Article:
One of the aspects of water that makes it so great for photography is it allows you capture two images in one in the way of reflections. Reflections can vary from mirror-like to an abstract view of lines and colors. How accurate or abstract the reflection is will depend on how calm or rough the water is, how long your exposure is, and how the light is being reflected off of the water. Other than getting the exposure right, there is really no right or wrong way. Attempt shooting at different angles to get different degrees of reflection and vary the shutter speed to change the crispness of the reflection.
What makes water so versatile is that it can change forms and you can control what form it can morph into with your shutter speed.
With a very fast shutter speed, you can freeze water droplets to accentuate the feel of a splash.
Slow down the shutter speed a little and you can turn water into silk.
Water can boost the aesthetic value to your photos but keep in mind that there are some considerations to make when photographing water. First is safety. Not only your own safety but the safety of your gear. I have had plenty of close calls trying to get "that shot". Water of course makes things slippery so be careful when walking on rocks that are wet.
Water can also be unpredictable. When photographing at the beach, do not let go of your tripod. Waves can come in and loosen the footing of your tripod enough to wash away your gear or an unexpected wave can splash up and get your gear wet.
Depending on the conditions and what affect you're trying to capture, photographing water will require special gear.
A tripod and a sturdy ballhead are a must for long exposure shots. A cable release is helpful as well to maximize sharpness. Tripods with a hook below main shaft can be beneficial so you can hook your camera bag or a bag with a phone book in it to stabilize it from wind and moving water.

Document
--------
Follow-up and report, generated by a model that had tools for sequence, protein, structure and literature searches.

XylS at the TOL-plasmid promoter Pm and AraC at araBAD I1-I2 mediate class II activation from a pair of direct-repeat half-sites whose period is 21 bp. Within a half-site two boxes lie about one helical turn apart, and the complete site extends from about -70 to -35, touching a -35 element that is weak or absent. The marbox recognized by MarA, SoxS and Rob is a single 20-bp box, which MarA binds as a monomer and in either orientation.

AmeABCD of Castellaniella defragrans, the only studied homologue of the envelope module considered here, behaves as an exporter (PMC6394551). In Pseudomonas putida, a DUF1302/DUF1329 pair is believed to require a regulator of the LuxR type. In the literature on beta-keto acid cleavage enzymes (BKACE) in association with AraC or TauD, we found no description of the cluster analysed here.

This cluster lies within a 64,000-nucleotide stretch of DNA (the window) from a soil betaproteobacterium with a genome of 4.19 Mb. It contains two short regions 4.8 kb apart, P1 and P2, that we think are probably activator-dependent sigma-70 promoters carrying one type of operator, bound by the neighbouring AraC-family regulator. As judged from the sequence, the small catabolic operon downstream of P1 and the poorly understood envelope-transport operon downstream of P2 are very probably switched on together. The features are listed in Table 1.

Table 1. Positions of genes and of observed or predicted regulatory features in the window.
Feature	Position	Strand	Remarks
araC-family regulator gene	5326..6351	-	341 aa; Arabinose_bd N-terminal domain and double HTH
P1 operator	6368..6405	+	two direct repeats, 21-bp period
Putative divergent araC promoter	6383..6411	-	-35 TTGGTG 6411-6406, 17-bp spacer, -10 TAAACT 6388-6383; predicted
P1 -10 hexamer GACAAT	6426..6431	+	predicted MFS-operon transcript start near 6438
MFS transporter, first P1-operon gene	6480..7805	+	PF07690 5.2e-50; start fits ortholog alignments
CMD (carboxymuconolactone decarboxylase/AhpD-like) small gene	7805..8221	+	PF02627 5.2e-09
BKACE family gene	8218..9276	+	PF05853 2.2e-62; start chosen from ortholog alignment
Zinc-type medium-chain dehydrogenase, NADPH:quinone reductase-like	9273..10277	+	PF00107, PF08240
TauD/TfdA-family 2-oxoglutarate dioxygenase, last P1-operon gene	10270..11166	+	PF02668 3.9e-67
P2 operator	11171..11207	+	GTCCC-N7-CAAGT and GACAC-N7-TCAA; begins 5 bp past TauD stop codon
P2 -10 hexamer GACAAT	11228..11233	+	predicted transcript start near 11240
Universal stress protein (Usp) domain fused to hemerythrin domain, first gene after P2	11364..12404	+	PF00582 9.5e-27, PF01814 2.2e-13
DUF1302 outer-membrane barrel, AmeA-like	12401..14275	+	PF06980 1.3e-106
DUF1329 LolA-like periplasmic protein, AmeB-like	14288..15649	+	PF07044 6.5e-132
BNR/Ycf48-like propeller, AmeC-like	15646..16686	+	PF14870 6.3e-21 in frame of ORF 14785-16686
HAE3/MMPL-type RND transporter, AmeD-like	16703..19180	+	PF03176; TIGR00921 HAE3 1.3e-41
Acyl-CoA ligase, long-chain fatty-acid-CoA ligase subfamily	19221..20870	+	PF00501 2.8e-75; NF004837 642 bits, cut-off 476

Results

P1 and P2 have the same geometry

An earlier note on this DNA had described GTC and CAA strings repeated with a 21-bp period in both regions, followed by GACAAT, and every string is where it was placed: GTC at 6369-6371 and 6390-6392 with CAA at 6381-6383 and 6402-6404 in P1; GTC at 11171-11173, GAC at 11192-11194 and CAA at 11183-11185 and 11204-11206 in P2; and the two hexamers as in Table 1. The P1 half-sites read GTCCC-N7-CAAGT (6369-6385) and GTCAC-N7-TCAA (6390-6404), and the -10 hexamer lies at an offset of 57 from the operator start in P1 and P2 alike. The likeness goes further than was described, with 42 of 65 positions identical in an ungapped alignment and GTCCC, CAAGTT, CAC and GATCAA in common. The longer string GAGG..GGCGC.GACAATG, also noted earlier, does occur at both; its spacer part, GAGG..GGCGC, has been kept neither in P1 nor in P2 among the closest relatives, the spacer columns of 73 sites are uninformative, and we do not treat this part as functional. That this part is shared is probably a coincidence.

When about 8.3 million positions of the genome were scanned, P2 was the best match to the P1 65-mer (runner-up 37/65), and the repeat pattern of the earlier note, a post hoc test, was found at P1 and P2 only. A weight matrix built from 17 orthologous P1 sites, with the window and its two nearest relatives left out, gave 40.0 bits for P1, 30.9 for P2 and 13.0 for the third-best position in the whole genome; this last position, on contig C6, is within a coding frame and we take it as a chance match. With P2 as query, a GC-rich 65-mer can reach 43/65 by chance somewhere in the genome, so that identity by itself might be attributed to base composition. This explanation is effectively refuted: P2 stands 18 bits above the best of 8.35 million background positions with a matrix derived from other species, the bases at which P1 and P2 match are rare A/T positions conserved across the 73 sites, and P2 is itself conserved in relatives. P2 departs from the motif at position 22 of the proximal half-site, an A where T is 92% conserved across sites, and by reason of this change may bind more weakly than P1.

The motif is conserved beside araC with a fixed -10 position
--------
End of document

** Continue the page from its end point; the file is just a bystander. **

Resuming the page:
A Neutral Density filter will allow you to slow down the shutter speed to get that creamy water effect. There are several intensities of neutral density filters and they are measured how many "stops" of light they can impede. For example, if your camera is metering ISO100, f/22, 1 second, you can keep the same ISO and aperture but increase the shutter speed to 4 seconds by adding a 2 stop neutral density filter. Neutral density filters are neutral gray and should not have an affect on the white balance. If you decide to get a screw on ND filter, be sure you get the right size that screws on your lens.
Circular Polarizers are in my opinion the most valuable of all filters. They not only saturate colors, and block glare, but they are the only filters that cannot be duplicated in Photoshop. CP filters are very beneficial when photographing water because they allow you to see what's under the water. You can adjust the effectiveness or the intensity a CP filter by twisting the filter while on the lens. Most CP filters will decrease the light coming in by 2 stops at its full polarization.
Without CP filter
With CP filter at max polarization
These two shots were taken a split second a part on a tripod. Both were taken with a white balance of 5400 Kelvin. The first (without CP) was shot at ISO400, f/4, 1/125. The second (with CP) was shot at ISO400, f/4, 1/30.
The next time you're out with your camera, look for water. It can be a lake, a sprinkler, or even a puddle. Think about how to add that element of water to improve your photo. Play with angles, try varying shutter speeds, twist on a circular polarizer, and be creative!